Date
24 June 2017
Tightening trends in the US and mainland China, as well as shrinking property transaction volumes, offer warning signs against aggressively taking out loans to invest in properties. Photo: HKEJ
Tightening trends in the US and mainland China, as well as shrinking property transaction volumes, offer warning signs against aggressively taking out loans to invest in properties. Photo: HKEJ

Why Hong Kong housing boom may run out of steam

Over the past 10 years, whoever is gutsy enough to invest in properties with borrowed money would have chalked up handsome gains.

But can this strategy yield similar results in the coming years? I very much doubt it.

With the Hong Kong currency pegged to the US dollar, local interest rate levels basically follow that of the United States.

As interest rates were kept at a super low level for years despite the relatively booming economy, home prices unsurprisingly skyrocketed.

But following a period of sustained economic recovery, the US Federal Reserve is poised to raise interest rates further this year and next year.

The next Fed chairman may even lean toward tightening.

Meanwhile, Zhou Xiaochuan, China’s central bank governor, has repeatedly said in the past few months that the nation’s monetary policy will tilt toward neutral. That means China’s loose monetary policy will also come to an end.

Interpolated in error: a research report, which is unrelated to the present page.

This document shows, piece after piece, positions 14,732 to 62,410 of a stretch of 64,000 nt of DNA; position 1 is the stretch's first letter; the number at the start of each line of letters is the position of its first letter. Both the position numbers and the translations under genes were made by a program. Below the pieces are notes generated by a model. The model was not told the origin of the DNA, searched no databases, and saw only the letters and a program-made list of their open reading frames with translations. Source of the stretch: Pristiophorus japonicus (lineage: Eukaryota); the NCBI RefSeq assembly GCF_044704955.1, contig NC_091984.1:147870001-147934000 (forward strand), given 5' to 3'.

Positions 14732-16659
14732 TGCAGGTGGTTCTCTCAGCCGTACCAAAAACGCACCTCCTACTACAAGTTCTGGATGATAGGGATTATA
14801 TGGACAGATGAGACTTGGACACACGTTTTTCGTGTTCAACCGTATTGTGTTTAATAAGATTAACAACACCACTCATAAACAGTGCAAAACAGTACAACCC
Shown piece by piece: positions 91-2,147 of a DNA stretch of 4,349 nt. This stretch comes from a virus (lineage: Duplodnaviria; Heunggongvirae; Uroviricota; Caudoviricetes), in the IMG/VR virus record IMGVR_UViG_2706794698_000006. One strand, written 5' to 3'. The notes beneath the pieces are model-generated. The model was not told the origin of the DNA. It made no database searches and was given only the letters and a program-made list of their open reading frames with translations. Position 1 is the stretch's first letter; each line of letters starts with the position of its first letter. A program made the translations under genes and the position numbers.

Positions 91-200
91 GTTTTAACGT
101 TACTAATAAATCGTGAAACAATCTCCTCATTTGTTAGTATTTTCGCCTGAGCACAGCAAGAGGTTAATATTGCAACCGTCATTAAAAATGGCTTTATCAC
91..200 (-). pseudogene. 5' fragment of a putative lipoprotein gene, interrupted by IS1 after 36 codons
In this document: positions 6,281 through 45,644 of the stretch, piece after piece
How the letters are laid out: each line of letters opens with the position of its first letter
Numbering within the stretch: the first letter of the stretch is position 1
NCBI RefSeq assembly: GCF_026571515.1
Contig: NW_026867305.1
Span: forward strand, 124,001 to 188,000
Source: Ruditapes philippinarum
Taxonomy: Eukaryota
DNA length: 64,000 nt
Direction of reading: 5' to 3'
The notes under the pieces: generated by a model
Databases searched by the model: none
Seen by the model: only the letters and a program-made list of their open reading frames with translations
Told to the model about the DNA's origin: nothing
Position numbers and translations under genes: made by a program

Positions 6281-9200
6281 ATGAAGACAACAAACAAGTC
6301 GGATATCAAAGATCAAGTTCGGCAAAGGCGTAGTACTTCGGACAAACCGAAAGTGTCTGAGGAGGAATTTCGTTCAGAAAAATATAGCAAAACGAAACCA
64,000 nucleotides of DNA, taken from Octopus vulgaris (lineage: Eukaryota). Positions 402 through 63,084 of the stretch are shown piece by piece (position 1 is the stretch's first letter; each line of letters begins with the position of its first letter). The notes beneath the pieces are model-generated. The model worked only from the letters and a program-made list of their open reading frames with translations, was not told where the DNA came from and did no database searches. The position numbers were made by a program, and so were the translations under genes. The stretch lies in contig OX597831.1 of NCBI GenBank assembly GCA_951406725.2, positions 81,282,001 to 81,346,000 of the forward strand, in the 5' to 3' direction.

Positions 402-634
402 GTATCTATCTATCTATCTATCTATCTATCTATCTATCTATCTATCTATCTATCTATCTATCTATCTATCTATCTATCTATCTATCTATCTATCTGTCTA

It’s doubtful if asset prices can sustain the rally if both the US and China start to tightening their monetary policy?

The economy always has its booms and busts. Hong Kong has gone through Asian financial crisis, the bursting of the internet bubble, and the 2008 financial crisis.

The risk of using leverage in investing is that one never really knows when recession will hit.

If caught wrong-footed in such situation, one could be forced to unload the assets at distressed prices when a down cycle suddenly comes.

There are a few negative signs in the home market that investors should pay attention to.

Home prices in the city have posted whopping gains in recent years, but transaction volumes have fallen far behind.

Also, rental prices have been lagging behind home price gains since 2011, which implies that the housing price has already decoupled from the real economy.

The surge in the supply of super-tiny flats in another sign that purchasing power in the market is not strong enough to sustain the current high prices.

With asset prices at a record high and the loose monetary policy expected to end soon, one should seriously question how long the housing boom can sustain.

This article appeared in the Hong Kong Economic Journal on April 5

Translation by Julie Zhu

[Chinese version 中文版]

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RT/CG

Columnist at the Hong Kong Economic Journal

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